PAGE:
Programs Are Games, Programming is a Game
In 11th grade, I wrote my first program, Dingo Hopper. In the game, the player controls a png of a dingo as it jumps over gray boxes. Dingo Hopper was not fun, or a commercial success, but it was a game.
What is a Game?
I’ll take the following definition of game from Wikipedia:
"At its most elementary level we can define game as an exercise of voluntary control systems in which there is an opposition between forces, confined by a procedure and rules in order to produce a disequilibrial outcome." (Elliot Avedon and Brian Sutton-Smith)
Basically, in a game, a player does stuff according to the rules of the game to make something happen. In this sense, Dingo Hopper is certainly a game. The player voluntarily presses the “hop” button to counteract the powerful force of the onslaught of gray boxes headed in its direction. They do this with the goal of admiring the wonderful background scenery that I created in MS Paint.
What about the
ls command (list files on your computer)? What about Jira? What about Python?
What is a Program?
I’ve tried to define the word program in a previous post, but let me try again, in one sentence.
A program is a set of rules for converting input into output.
Programs need not be fun (see: Jira), or interesting, or important, but they need to have rules and they need to produce output.
Programs are Games
When running a program, a user exercises voluntary control over the input they give it. They can make
ls sort files in ascending order according to created date, or show files in a different directory, or give garbage input that will be rejected.
ls uses its rules to provide the corresponding output for this input, either a list of files or an error message that the input was invalid. This is our disequilibrial outcome, in the sense that the user has won a list of files on their computer. Other programs have different outputs, but the essence is the same.
Programming is a Game
What about Python? Python is a programming language, and is a program in the following sense:
Python converts input (code) into output (a program).
So, Python is a program, and programs are games, so Python is a game. Yes, we’re stretching definitions to get here, but now we can ask an important question about this game.
Is programming fun?
My answer, and maybe this is the reason why I spend so much time on coding education, is that I think that programming is probably the most fun game that there is.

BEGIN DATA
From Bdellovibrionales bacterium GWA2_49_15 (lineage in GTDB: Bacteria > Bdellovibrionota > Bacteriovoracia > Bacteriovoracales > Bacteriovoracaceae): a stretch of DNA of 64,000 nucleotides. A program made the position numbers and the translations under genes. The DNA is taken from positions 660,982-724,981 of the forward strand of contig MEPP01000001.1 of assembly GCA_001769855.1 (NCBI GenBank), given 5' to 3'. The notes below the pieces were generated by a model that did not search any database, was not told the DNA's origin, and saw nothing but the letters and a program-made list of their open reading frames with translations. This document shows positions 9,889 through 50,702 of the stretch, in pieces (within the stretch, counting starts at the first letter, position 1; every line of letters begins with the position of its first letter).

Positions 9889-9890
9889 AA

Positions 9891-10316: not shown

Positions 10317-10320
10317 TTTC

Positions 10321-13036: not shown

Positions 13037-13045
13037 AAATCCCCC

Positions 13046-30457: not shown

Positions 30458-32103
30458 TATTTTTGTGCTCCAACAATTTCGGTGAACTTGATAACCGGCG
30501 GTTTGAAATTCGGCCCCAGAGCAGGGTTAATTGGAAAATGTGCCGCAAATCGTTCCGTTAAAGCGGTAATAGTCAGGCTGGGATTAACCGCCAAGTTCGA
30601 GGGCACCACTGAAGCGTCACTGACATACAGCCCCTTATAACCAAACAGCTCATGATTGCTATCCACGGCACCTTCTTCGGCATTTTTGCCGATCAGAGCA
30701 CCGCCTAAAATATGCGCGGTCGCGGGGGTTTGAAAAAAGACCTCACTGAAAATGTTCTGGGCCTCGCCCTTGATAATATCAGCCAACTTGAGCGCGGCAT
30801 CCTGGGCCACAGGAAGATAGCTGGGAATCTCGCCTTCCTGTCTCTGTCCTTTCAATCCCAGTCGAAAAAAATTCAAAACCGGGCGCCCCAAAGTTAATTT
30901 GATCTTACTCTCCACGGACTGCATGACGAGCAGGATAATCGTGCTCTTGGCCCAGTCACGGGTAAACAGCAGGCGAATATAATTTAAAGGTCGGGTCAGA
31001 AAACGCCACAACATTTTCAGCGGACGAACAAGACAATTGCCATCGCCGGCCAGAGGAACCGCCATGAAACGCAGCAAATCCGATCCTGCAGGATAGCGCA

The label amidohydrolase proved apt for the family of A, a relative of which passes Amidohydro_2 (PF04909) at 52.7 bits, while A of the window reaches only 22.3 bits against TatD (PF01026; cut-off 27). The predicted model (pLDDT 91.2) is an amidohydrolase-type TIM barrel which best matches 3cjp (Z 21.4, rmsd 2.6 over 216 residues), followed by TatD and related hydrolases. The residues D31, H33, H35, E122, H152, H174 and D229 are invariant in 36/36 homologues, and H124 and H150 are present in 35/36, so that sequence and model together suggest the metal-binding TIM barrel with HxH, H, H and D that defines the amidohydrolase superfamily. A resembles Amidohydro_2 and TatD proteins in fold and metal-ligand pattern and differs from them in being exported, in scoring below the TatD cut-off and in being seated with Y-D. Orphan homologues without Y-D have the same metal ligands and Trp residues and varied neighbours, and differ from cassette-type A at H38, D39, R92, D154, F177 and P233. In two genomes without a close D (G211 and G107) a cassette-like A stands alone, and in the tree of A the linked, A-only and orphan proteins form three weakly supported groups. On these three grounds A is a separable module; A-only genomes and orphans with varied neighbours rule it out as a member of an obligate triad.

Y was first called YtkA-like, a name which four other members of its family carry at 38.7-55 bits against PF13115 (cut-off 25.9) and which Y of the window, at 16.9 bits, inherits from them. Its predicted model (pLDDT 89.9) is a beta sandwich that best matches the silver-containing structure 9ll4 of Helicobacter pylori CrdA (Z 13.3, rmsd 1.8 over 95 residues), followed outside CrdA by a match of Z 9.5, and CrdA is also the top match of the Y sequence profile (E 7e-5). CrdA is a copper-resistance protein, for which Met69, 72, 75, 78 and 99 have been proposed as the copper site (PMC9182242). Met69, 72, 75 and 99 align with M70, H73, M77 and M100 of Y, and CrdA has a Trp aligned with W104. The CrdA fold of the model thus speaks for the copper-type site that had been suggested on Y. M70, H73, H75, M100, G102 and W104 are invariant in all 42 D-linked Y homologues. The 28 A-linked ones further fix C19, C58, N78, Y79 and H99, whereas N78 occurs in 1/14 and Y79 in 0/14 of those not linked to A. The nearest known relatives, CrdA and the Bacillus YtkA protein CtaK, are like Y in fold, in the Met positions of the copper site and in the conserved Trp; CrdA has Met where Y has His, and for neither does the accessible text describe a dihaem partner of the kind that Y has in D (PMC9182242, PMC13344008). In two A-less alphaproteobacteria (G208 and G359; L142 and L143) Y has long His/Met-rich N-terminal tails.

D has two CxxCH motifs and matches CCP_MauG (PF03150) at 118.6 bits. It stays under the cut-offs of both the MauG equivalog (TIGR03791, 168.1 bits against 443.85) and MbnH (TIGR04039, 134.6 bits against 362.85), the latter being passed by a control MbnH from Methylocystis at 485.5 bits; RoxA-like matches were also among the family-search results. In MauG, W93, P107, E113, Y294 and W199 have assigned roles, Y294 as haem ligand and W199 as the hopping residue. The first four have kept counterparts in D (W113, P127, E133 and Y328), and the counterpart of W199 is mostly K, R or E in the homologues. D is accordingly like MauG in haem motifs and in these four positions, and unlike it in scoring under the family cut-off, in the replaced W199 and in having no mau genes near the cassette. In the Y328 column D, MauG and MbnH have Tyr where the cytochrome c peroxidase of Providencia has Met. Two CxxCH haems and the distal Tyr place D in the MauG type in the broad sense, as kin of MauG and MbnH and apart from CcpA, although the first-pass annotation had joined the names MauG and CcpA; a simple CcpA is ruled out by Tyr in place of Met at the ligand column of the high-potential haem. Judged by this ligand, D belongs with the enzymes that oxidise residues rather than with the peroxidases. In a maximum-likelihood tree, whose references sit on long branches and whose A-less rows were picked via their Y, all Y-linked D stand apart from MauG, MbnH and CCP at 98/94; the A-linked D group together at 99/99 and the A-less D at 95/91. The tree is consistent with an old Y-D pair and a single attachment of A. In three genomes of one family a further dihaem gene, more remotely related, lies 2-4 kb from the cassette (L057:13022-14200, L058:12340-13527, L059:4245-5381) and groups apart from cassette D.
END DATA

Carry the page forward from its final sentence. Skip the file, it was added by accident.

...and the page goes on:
In playing most games, you are an actor exercising your “voluntary control” to create some outcome, like winning, or losing, or making a nice metropolis in SimCity. While these are nice outcomes, they pale in comparison to creating a program, a way to map the universe of all possible inputs into outputs, each of which can provide its own satisfaction. Programming is about not just following rules to achieve outcomes, but following rules to create a program in which someone else can follow your rules to produce their own outcomes. 
The only limit to the value of your finished program is patience and time spent debugging. If you’ve programmed for a while it’s a bit easy to lose sight of how crazy this is and to lose sight of how programming differs from almost every other endeavor.
Getting more players for the game
There are many reasons to advocate for teaching more people to program but to me the purpose is to introduce people to this game of games because of its uniqueness among all other activities. To make this happen, we need to think about how to teach the rules of the game, and to communicate why it’s so special.
Abstract arguments like those given in this post won’t convince people to try programming. What we need are programming languages that are more learnable, and accessible ways of teaching their rules. More importantly, we should make it easy to produce programs which themselves are fun. The output of these efforts can help more people discover the only game more fun than Dingo Hopper.
 If this wasn’t enough, the program you create can also be a programming language itself. This is the act of following rules to create a program in which someone else can follow your rules to produce a program whose rules govern how someone else’s input turns into output. This is a mouthful, but this is awesome.